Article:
Aisle of the Damned: 09/01/17- Made for the Juggalo Market

Who's winding the river?

It’s one of the worst business stretches in recent history for the movie biz, but you wouldn’t know it from Aisle of the Damned. Bryan and Kent went to see if they would be chilled by the neo-Western noir Wind River.

Meanwhile, Kent has a roundup of some other smaller and indie films that are populating the screens if you know where to look: Birth of the Dragon, Brigsby Bear, and Ingrid Goes West. What’s worth your time? He’ll let you know.

All this and less on Aisle of the Damned!

The Aquabats– Stuck in a Movie
The Action Design– Ten Feet of Snow

Better Living Through Filmography Episode 1.6- Conan the Barbarian


In Better Living Through Filmography, co-host Kent views classic films for the first time and discusses them through a lens of movies, pop culture and life. Episodes of the first season post every other Wednesday.

In Episode 6, Kent finally sees the classic pulp fantasy Conan the Barbarian with Arnold Schwarzenegger and James Earl Jones. He also dives into how its influence hit him even without seeing the film.

Laurie Johnson– Happy-Go-Lively
Woolf Phillips and his Orchestra– Cocktails in Bermuda

Kent’s Damned Movie Reviews: The Last Stand


It makes sense that Jee-woon Kim’s first film for an American studio is a film like The Last Stand. Previously, he has probably been most well known for his “Eastern Western,” The Good, The Bad and The Weird. Set in turn of the century Mongolia, it borrowed heavily from lots of Western tropes, both Hollywood and Spaghetti, ran through an Asian filter.

The classic American action movie, originating in the 70s and going full-bore in the 80s, borrowed a lot from those films as well, the tropes being fully acknowledged with dialogue from Die Hard in which Alan Rickman’s Hans Gruber refers to John McClane as a cowboy, raised on John Wayne and the like. “Roy Rogers, actually,” McClane states before uttering his infamous “Yippie Kai Aye [expletive deleted]” call that would follow him through the franchise to come.

Like John Woo’s American breakthrough, Broken Arrow, Kim makes his debut with a straight-up action flick set in the open spaces of the American southwest, centering in and around an Arizona border town. The Sheriff of this town is the newly evacuated ex-governor of California, Arnold Schwarzenegger in his first starring role since returning to acting. (We won’t count the Expendables films, obviously.)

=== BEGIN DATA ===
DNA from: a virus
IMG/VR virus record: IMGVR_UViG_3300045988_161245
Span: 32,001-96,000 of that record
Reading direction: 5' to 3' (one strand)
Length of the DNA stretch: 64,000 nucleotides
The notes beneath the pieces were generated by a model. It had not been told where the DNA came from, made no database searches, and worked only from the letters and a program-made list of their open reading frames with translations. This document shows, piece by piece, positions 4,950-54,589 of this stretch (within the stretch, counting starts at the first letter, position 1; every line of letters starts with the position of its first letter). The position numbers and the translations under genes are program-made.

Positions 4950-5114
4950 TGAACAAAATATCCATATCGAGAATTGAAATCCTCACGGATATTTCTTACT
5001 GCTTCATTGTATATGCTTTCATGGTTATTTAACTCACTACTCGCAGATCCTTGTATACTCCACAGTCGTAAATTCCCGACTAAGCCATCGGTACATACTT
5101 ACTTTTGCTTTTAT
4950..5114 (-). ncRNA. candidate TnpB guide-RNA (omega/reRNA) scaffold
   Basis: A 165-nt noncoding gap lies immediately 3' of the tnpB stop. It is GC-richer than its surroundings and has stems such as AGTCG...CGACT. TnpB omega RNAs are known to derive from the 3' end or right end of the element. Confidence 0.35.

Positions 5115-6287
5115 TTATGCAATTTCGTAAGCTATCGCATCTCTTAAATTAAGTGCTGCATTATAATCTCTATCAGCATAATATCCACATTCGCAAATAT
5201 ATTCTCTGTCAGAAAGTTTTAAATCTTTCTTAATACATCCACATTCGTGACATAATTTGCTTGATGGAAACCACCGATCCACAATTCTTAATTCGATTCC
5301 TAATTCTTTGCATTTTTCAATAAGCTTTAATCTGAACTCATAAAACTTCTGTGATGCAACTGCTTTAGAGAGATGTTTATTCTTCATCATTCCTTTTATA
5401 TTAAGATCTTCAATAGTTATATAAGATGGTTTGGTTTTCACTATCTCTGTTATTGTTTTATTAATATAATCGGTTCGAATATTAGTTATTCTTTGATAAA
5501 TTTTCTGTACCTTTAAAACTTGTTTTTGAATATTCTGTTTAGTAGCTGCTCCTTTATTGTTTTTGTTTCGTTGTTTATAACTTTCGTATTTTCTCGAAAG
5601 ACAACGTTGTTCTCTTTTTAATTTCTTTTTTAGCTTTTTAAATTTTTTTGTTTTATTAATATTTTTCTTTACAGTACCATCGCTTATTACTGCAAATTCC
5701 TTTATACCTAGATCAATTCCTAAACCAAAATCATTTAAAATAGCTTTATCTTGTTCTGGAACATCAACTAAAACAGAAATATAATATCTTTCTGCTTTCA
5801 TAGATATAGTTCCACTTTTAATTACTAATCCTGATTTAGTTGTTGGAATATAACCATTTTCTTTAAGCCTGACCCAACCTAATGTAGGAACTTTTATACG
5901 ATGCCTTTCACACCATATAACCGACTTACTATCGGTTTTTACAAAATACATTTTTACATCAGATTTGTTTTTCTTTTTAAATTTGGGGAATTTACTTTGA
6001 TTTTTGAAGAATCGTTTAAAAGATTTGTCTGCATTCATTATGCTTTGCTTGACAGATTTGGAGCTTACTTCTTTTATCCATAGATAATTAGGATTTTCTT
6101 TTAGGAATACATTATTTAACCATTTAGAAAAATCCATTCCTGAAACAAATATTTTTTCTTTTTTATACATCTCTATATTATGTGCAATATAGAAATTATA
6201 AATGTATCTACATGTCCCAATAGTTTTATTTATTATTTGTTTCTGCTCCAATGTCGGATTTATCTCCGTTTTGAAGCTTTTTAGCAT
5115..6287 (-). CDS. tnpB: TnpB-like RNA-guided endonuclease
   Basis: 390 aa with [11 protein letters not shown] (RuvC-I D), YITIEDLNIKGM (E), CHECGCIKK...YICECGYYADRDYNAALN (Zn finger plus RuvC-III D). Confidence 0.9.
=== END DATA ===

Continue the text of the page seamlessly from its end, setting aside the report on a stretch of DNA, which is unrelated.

What’s good about The Last Stand is also what’s bad about it. There is no pretension in the film. There’s not much winking at the audience. Arnold thankfully doesn’t make jokes about being back. It’s got a seemingly Rio Bravo-esque slam bang finale that makes up for a good part of the running time being uninspired. Schwarzenegger’s character balances his responsibilities as a lawman with his devotion to his underlings and his desire to protect his town. There’s nothing particularly wrong with the film, but there’s nothing new here. There’s not a twist on the formula or any kind of an attempt to show anything in a new light. The story follows structure so rigidly that it may as well be mainlining Viagra. At one point, we know a character is doomed when he requests a transfer to get more action in his life. I’d call it a spoiler, but it’s so obvious, everyone who’s ever seen a movie of this type has to know it’s coming. On the plus side, it’s nice to see an action movie that doesn’t require dramamine due to overuse of shakycam. It looks pretty darn good.
The performances, including those from such usual standouts as Forrest Whittaker, seem to be on autopilot. Luis Guzman deserves the statue of him that’s kept at Greendale Community College (shoutout to my fellow Community fans), but he’s not exactly expanding his range. Johnny Knoxville remains eminently likable, but he’s going by the numbers. And Arnold remains Arnold, but this time making some cracks about his age, as if he is performing in a sequel in which one of his shoot ’em up characters from the 80s retired to the middle of nowhere and is now thrust back into action. While watching the film, one can picture clearly the screenwriter typing and erasing, “I’m getting too old for this sh*t” over and over again, the desire to put it in almost overwhelming him. The one person that seems to be getting to flex their muscles is Jamie Alexander, getting to do more than she did as Lady Sif in Thor. But not a ton more. Oh, and Harry Dean Stanton puts in yet another great cameo.

In another seeming throwback to thirty years ago, the villain is a sneering, violent drug kingpin for whom, to quote Joe Carnahan’s A-Team, “Overkill is underrated.” After a rather crafty escape from federal custody, he slips into a modified Corvette that can go 200 miles per hour. Luckily for this hombre, he is not just an entitled jerk, but a pro race car driver that can perform all sorts of crazy car fu that actually seems to have mostly been done with real cars. (If it was CG, than I as a non-car enthusiast did not notice any huge, exposed seams.)

Why no one thinks to put up any spike strips to blow his tires, I do not know. Aside from the fact that the movie could possibly be a lot shorter.

As he tries to cross the border, the local law finds themselves the last line of defense to keep the the creep from escaping to Mexico where it is apparently assumed that the Federales have no interest in curtailing him.

Along the way there’s gunplay, yelling on the phone and a lot of CGI gunshots that I can ofter the faint praise of looking better than the ones in the afore-mentioned Expendables. All in all, it’s a solid, if underwhelming, actioner; good for a rental so one can assess the novelty value of ol’ man Arnold teaming up with Asian directors come abroad.

(Two and a half out of five stars)